in Equal subjects, unequal rights
Open Access (free)

mind. 3 In this book, where we trace the general and particular circumstances in which political rights were accorded or denied to Indigenous peoples in Canada, Australia, New Zealand and South Africa, from the 1830s to 1910, Merivale’s twin observations emerge as particularly pertinent. By situating the violence and upheaval of dispossession within a comparative perspective, we hope to identify shifting modes of British and

in Equal subjects, unequal rights
Open Access (free)
Ontologies of connection, reconstruction of memory

133 Pacific imaginaries 133 capitalism, established cultural habits of exchange could find a place in the trading circuits set up by the colonial empires. Finally, the reconstruction of memory in the Pacific’s ocean civilisation revives the values of the past in a project of renewed connection. The chapter ends with a section on Australia’s ambivalent cultures which have emerged from the British-Australian project of colonizing the lands and worlds of old world indigenous civilisations. Australia, in particular, is in the Pacific, but also out of place in the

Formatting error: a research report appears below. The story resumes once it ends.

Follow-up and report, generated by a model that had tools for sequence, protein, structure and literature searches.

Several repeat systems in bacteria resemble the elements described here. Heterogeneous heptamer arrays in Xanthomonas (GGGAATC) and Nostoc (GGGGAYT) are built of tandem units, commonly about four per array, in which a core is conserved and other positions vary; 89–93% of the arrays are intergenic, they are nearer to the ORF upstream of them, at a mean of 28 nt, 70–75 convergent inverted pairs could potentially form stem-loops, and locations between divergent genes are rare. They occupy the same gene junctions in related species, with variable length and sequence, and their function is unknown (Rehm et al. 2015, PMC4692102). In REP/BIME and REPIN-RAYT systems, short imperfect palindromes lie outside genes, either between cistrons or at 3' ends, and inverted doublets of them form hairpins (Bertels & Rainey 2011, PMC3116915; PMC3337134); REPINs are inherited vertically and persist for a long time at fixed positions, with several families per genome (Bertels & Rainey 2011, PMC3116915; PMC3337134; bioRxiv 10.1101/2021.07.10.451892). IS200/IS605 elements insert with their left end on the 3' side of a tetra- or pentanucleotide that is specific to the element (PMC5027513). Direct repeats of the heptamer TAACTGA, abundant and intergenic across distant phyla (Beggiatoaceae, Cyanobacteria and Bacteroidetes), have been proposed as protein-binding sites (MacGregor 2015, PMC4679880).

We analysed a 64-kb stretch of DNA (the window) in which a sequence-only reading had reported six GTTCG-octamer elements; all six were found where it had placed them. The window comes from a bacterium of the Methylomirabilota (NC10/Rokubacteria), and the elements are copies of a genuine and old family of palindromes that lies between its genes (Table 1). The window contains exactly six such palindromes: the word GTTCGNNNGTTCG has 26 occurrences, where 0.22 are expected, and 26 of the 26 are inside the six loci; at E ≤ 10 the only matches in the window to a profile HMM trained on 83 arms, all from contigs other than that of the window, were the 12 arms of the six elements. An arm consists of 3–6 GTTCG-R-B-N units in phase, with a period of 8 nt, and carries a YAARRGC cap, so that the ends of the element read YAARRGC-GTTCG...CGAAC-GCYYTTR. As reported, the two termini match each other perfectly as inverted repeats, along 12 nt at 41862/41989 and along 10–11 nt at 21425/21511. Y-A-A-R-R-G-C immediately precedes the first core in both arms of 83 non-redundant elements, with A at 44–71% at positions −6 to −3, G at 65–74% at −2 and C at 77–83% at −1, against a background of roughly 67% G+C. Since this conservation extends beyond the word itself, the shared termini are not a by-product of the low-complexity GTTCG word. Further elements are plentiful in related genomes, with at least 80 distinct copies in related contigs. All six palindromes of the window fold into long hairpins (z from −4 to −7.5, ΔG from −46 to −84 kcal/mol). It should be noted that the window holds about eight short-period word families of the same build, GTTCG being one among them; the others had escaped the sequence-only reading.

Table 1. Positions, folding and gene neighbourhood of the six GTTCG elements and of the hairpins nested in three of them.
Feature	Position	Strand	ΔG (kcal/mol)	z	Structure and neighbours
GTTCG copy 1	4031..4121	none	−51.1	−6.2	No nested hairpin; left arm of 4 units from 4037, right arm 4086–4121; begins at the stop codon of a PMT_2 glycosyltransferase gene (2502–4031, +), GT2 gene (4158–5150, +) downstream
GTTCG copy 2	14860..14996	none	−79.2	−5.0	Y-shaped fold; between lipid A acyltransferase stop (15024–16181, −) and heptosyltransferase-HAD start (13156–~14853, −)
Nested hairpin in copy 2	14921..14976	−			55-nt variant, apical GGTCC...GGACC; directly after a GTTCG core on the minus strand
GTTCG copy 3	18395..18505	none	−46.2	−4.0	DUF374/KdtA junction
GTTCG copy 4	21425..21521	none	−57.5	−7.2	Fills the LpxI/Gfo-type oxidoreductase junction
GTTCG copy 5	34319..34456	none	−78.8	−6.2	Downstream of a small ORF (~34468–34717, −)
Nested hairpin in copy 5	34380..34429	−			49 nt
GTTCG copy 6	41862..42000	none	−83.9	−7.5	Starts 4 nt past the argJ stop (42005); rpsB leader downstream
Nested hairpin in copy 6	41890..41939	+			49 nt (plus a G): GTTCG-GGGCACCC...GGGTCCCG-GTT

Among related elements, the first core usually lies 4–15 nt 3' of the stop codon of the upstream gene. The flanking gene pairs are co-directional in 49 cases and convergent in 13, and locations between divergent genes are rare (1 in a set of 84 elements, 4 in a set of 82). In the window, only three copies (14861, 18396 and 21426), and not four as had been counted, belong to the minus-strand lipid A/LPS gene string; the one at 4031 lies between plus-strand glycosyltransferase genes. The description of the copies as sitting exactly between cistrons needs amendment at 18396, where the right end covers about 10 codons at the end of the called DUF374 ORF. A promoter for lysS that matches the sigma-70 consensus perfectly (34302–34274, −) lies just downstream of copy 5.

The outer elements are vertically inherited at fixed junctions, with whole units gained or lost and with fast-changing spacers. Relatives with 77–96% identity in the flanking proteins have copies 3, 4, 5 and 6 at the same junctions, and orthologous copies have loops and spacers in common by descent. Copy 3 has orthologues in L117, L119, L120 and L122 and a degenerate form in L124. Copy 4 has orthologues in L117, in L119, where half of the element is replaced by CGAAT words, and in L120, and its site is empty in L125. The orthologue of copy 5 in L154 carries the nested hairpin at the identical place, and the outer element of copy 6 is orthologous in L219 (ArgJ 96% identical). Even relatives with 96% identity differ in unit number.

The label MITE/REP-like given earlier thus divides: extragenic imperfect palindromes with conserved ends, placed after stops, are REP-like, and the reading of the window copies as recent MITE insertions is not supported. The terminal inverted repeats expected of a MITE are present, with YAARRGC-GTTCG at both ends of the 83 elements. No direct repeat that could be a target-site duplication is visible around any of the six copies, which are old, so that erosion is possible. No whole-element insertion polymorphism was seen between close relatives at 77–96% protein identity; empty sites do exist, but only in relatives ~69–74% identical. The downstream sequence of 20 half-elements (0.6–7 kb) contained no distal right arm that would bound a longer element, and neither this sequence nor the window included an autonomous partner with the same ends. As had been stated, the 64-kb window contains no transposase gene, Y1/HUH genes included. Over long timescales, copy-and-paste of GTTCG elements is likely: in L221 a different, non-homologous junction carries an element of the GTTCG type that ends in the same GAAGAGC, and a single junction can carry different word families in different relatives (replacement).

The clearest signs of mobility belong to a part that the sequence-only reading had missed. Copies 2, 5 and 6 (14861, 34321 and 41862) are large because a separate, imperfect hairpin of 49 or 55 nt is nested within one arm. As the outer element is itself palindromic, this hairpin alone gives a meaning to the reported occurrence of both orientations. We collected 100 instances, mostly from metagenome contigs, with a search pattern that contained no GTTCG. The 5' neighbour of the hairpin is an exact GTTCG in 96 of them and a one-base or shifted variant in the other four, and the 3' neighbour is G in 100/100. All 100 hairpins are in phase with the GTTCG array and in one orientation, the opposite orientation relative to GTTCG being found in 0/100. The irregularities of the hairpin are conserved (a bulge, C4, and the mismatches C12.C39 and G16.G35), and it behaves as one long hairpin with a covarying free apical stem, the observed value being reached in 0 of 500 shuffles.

in Debating civilisations
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One or two ‘honorable cannibals’ in the House?

already existing and the new, and then conceded responsible government to the colonists. Further, by 1860 the legislatures of the eastern and south-eastern Australian colonies had instituted full manhood suffrage. Formally, the Indigenous peoples of the Australasian colonies, Aborigines and Maori, were included in this rush along the path to self-government and democracy. Closer examination reveals that colonists